Released in April last year, Hal Laboratory’s BOXBOY! was a lovely, serene puzzle-platform experience. It wasn’t a long game, nor was it exactly taxing, but it was pleasant and charming. The brief for its sequel is obvious: give us more BOX BOY!
For those not in the know, the first game saw you guiding a sentient square through short, monochromatic, hazard-filled levels, moving from obstacle to obstacle by using his ability to create tetrominos to get from A to B. Along the way you’ll find your path blocked by lasers, spikes and gravity wells which will constantly challenge you to work out new and inventive ways to use the techniques you have learned.
And this new game is more of that. New mechanics are constantly introduced before being whisked away to teach you something different. You’ll constantly find that just as you’re getting used to the way something works you’ll have finished the set of levels you’re on and then have to find yourself thinking about a different system once again. It gives a hyperactive feeling to the design of the game, like the developers just couldn’t sit on something for too long before they ask you to consider something else.
What is different about the sequel is that Qbby can now create two sets of blocks. This new ability doesn’t really change up the formula as much as you may think, you’ll still use the same techniques that you used in the original, but now you’ll be combining them together on a regular basis. A welcome change this has brought is that now it feels more like there are multiple ways to get past certain puzzles. Many a time I fudged my way past something rather than used the route the designers intended.
During the campaign the game will introduce two other characters, Square girl and Rectangle, but never does anything with them apart from make them follow you around the overworld. It’s a shame HAL couldn’t figure out new abilities for them to have, and create some puzzles around them; maybe that’s something for the next sequel, or possibly a spin-off? We can only hope.
One of the main flaw from the first game was the wildly inconsistent difficulty and this new two stack mechanic hasn’t really done anything to fix that. You’ll still find yourself breezing through many of the puzzles, and then find yourself stumped on one solution before finding the next a complete cakewalk.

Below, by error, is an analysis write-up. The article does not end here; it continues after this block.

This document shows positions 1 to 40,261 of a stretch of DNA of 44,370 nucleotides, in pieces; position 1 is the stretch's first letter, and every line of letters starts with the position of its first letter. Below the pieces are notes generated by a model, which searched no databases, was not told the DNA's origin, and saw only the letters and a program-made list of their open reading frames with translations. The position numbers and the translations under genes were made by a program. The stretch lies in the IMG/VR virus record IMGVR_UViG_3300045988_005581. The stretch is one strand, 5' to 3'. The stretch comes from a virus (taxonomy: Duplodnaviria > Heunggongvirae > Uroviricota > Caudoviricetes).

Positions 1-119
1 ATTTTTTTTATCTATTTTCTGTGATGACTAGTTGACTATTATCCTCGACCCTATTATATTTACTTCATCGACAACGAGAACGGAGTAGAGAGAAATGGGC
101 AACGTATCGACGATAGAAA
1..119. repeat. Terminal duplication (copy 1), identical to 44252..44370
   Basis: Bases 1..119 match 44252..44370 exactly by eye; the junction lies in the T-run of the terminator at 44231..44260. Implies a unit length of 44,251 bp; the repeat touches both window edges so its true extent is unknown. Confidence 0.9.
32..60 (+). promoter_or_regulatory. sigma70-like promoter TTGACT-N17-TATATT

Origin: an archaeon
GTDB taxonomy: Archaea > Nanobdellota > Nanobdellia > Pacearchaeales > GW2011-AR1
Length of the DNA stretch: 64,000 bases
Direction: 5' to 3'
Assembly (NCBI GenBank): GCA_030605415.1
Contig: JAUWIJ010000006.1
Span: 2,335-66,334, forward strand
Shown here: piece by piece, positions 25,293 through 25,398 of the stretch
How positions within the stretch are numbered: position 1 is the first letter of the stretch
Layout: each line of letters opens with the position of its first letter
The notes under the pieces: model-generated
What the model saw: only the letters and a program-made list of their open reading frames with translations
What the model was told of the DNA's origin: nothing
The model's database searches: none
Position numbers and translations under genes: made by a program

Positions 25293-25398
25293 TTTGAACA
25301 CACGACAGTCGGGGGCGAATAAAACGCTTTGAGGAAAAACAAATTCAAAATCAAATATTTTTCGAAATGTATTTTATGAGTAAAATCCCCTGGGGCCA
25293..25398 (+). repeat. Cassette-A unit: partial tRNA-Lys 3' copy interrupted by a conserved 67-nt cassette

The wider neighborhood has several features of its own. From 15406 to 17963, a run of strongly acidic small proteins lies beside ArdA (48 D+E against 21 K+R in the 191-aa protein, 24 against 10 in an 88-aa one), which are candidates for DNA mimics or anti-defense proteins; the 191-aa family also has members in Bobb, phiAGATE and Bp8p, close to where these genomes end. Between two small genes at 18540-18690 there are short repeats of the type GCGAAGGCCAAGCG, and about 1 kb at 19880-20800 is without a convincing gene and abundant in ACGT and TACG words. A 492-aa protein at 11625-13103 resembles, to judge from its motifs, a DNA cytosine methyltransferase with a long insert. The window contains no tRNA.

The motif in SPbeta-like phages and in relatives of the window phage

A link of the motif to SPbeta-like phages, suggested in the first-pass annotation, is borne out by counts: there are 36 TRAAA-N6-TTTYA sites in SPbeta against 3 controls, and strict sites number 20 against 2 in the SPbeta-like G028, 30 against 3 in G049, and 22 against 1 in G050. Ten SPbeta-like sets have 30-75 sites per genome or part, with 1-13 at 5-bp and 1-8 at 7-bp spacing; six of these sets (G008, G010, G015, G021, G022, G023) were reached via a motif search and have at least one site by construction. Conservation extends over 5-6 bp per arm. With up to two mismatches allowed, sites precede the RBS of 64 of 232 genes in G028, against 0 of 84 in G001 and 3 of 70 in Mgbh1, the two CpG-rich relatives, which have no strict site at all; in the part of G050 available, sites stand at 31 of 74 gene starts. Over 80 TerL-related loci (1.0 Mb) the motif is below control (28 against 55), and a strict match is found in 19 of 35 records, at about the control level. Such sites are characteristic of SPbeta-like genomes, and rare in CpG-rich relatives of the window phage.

Struggling with a puzzle isn’t terrible though thanks to the returning hint mode, which flashes the solution to you, but leaves you to work out how to actually achieve it. You’ll pay for these using your 3DS’ Play Coin currency. In each level there are Crowns to collect, and they can only be gained if stick to your block allocation. As soon as you go over it the crown is lost and you need to start again, but collecting it at least means that you are then free to finish the level without a restraint on the amount of blocks you use. However, Hint Mode only shows you the solution to get through the level, not to get the crown(s), this encourages you to think outside the box (heh) and figure out your own solution, you’ll frequently figure out the level pretty easily, but find getting the crown to be another matter entirely.
If you haven’t played the original, it’s worth getting it before you play this, not only because learning the techniques is incredibly handy, but because the costumes you unlocked before will be available here, and more become available as you play through. There’s a bunch of music and comics to unlock too; the latter while not exactly being the height of comedy material, are at least as silly and charming as the main game itself.
What HAL Labs has given us here is more of BOX BOY!. It’s only slightly better, but it’s good while it lasts. It’s also very inexpensive too, so you’ll get a lot of enjoyment for very little cash.
Great hint system
Difficulty is still inconsistent